December 2000

  • A New Way to Be Mad

    The phenomenon is not as rare as one might think: healthy people deliberately setting out to rid themselves of one or more of their limbs, with or without a surgeon's help. Why do pathologies sometimes arise as if from nowhere? Can the mere description of a condition make it contagious?

  • Cover Art

    Cover photograph by Christopher Barker. The Atlantic Monthly; December 2000; Cover Art - 00.12; Volume 286, No. 6; page .

  • The Cosmopolitan Provincial

    Allen Tate's ambivalent, artificial relationship with the South

  • 77 North Washington Street

    IN the years ahead," says William Langewiesche, the author of this month's cover story, about the iconoclastic wine critic Robert Parker Jr.…

  • Letters

    The Heavenly Jukebox. Fourteen. Green Surprise? Borges on Tale-Telling. Shipbreaking. Grizzly Bears. Advice & Consent. The…

  • The Almanac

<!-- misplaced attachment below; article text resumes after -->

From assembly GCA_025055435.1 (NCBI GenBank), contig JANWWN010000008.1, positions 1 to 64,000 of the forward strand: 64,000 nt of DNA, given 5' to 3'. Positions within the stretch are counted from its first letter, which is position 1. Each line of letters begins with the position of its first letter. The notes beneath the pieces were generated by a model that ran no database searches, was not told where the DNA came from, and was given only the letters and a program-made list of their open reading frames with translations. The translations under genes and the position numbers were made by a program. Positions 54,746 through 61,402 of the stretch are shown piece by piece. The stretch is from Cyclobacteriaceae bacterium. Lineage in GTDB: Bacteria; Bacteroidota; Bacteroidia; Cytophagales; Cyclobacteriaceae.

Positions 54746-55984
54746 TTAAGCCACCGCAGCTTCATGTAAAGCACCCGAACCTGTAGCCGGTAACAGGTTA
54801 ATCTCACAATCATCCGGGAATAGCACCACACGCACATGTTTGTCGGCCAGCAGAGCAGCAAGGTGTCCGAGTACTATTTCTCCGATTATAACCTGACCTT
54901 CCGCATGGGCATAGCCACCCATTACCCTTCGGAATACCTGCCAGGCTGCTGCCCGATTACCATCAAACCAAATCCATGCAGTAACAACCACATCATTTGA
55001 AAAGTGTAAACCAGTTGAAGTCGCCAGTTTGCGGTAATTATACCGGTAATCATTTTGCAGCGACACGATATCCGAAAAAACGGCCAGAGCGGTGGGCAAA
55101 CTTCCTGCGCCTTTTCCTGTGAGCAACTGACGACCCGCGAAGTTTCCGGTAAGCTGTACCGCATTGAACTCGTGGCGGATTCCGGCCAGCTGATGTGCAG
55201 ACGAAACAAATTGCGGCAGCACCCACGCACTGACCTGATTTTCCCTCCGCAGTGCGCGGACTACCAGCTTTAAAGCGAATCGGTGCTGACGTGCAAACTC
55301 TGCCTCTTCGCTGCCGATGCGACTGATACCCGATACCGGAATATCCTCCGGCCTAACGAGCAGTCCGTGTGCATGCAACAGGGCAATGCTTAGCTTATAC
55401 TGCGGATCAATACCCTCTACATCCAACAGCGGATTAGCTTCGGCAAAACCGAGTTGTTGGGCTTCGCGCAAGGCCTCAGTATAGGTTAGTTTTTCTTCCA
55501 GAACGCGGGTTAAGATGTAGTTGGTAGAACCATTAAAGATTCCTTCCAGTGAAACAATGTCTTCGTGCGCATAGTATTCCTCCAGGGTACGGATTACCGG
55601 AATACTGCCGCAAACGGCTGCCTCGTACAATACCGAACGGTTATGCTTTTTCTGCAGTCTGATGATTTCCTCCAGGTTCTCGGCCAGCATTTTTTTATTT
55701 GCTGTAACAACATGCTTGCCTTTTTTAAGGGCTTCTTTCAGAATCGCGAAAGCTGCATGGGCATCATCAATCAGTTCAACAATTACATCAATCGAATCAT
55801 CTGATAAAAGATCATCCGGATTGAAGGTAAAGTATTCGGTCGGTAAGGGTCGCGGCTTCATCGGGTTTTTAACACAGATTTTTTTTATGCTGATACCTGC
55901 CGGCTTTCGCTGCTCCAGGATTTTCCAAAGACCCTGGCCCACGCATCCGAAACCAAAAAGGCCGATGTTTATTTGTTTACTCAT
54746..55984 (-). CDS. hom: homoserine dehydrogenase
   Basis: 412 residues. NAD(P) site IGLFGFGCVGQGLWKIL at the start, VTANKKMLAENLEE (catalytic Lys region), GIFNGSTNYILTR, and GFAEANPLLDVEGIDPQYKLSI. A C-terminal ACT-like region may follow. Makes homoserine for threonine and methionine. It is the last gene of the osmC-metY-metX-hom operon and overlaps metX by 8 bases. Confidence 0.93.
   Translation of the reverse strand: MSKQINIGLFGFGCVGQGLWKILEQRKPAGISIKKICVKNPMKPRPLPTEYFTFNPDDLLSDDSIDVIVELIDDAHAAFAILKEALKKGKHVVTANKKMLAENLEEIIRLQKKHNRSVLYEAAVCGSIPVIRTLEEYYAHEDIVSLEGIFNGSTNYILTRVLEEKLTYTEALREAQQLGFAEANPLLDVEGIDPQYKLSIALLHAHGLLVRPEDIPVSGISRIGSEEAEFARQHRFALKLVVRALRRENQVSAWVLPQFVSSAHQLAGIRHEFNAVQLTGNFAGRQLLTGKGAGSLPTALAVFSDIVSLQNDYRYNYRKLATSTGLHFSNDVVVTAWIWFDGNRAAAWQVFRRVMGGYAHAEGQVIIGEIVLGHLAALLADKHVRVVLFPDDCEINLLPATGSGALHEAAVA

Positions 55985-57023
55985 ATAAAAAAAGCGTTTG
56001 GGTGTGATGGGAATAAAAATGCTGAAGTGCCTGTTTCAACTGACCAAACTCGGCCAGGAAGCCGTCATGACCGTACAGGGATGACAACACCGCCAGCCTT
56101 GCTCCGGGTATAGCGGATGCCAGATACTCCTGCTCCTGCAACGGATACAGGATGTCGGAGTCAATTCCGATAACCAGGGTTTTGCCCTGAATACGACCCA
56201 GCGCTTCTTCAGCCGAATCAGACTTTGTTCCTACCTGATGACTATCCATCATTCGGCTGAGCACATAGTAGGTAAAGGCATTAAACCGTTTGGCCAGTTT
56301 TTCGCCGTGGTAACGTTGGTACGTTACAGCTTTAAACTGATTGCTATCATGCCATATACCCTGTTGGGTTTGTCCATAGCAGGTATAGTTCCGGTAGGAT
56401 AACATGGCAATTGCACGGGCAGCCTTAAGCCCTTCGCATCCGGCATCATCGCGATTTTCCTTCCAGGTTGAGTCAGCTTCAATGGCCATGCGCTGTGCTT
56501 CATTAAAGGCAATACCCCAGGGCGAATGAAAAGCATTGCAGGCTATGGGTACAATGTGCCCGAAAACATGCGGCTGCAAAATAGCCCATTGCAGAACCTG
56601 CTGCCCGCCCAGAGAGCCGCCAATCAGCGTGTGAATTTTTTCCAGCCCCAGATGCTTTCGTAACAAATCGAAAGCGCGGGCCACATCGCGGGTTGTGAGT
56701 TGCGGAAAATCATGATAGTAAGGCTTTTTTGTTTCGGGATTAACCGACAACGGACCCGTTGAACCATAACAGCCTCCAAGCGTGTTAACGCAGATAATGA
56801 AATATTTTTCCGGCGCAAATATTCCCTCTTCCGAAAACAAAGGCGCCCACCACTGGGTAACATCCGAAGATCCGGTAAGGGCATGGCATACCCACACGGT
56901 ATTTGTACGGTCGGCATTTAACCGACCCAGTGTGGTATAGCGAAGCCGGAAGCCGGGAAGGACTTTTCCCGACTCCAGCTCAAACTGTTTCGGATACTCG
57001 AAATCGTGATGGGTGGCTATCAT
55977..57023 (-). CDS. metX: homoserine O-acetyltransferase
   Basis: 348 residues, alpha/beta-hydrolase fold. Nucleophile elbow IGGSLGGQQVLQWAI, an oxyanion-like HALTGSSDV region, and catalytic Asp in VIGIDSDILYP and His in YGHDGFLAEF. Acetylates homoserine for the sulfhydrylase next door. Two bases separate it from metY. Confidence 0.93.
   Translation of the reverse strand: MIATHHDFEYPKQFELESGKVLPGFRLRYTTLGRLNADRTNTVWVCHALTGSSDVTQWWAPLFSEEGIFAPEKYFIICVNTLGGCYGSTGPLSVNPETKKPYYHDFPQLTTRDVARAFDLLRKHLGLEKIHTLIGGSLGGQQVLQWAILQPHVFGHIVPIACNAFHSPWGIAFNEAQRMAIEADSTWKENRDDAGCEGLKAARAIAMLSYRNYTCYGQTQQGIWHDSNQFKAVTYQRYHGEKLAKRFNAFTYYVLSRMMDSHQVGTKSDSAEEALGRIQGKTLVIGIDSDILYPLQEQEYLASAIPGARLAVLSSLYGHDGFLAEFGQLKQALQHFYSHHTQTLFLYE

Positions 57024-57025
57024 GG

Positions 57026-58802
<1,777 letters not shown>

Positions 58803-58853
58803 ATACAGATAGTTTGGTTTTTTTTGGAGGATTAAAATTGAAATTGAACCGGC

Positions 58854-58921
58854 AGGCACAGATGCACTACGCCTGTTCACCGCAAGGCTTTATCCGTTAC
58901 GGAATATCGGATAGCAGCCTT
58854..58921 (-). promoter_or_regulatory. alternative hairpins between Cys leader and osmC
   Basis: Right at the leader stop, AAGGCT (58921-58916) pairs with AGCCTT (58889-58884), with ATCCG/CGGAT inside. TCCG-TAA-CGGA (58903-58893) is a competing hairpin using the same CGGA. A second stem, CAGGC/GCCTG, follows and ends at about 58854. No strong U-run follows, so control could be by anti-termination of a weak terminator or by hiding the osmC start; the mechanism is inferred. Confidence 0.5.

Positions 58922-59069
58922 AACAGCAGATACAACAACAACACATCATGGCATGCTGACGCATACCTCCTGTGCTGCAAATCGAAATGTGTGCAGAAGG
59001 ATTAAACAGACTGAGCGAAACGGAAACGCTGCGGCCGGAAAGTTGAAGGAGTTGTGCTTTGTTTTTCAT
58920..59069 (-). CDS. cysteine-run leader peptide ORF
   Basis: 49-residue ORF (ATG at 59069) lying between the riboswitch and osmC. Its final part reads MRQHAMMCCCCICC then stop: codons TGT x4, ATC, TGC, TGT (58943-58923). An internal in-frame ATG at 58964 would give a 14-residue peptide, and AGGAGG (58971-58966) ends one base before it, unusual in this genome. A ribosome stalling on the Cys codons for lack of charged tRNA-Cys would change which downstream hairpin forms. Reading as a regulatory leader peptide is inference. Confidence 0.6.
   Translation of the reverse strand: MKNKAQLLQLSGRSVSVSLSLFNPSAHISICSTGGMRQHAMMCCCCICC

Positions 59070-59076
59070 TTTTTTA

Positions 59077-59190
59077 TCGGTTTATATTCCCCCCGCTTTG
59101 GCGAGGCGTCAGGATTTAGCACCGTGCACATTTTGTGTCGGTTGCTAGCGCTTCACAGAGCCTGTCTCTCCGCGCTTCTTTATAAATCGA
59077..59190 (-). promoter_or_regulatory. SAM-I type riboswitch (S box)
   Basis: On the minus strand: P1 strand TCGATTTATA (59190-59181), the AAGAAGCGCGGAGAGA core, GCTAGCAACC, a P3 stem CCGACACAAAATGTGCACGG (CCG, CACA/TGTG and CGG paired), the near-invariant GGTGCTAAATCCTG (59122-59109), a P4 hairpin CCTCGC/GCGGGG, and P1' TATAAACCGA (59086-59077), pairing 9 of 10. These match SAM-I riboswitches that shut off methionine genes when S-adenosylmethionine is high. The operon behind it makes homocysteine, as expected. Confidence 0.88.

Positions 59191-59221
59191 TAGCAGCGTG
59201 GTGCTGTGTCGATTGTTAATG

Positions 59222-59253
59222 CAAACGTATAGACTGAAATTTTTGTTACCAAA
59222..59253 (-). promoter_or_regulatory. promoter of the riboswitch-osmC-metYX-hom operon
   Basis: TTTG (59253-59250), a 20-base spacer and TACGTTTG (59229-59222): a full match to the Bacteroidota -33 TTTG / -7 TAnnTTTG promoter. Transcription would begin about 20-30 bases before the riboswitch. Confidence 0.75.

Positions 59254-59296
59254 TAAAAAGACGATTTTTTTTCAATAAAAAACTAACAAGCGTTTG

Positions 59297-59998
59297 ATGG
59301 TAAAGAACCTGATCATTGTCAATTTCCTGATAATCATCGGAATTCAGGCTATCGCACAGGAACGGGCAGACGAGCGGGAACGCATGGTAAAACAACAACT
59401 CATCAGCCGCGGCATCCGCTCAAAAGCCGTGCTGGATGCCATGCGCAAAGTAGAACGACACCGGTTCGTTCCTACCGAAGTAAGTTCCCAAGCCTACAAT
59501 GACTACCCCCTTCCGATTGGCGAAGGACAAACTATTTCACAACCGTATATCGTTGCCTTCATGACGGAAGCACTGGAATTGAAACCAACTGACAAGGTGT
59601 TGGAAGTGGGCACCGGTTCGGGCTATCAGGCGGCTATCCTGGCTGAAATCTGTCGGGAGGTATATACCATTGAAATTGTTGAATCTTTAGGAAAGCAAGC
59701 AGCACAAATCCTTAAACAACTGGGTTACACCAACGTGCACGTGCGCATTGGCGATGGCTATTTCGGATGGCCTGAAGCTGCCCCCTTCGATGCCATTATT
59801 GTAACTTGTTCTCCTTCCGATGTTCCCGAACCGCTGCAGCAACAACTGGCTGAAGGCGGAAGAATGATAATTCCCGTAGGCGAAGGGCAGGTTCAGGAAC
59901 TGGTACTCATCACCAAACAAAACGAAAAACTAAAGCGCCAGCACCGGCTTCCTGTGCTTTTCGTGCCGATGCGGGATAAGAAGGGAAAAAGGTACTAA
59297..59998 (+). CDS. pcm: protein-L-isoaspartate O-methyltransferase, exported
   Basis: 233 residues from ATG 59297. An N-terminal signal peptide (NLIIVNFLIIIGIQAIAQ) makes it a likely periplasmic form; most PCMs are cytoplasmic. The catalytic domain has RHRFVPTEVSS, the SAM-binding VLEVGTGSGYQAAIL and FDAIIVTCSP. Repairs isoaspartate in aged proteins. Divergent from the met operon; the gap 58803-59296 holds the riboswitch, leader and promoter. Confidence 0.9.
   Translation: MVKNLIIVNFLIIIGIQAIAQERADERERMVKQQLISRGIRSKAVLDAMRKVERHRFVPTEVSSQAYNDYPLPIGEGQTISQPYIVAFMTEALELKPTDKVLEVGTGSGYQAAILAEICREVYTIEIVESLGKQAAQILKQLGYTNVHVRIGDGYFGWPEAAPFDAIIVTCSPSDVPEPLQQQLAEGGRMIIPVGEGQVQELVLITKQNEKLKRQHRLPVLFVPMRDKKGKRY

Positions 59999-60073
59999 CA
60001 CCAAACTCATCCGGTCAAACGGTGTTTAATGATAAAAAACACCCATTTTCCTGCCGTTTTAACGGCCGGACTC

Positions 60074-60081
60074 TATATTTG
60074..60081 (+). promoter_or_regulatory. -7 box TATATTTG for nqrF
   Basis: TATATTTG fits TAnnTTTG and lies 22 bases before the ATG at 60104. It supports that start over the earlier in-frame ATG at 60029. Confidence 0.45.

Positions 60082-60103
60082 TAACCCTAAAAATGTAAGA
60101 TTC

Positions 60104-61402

Demographics Holiday shopping is in full swing this month -- and so is theft. In 1998 retailers lost more than $15 billion to shoplifters.…

  • Word Watch

    The Encarta World English Dictionary (1999). blow-in someone who has recently taken up residence in a given country or area: "[He] had a…


CrossFit Versus Yoga: Choose a Side

How a workout becomes a social identity


Is Technology Making Us Better Storytellers?

The minds behind House of Cards and The Moth weigh in.


A Short Film That Skewers Hollywood

A studio executive concocts an animated blockbuster. Who cares about the story?


In Online Dating, Everyone's a Little Bit Racist

The co-founder of OKCupid shares findings from his analysis of millions of users' data.


What Is a Sandwich?

We're overthinking sandwiches, so you don't have to.


Let's Talk About Not Smoking

Why does smoking maintain its allure? James Hamblin seeks the wisdom of a cool person.



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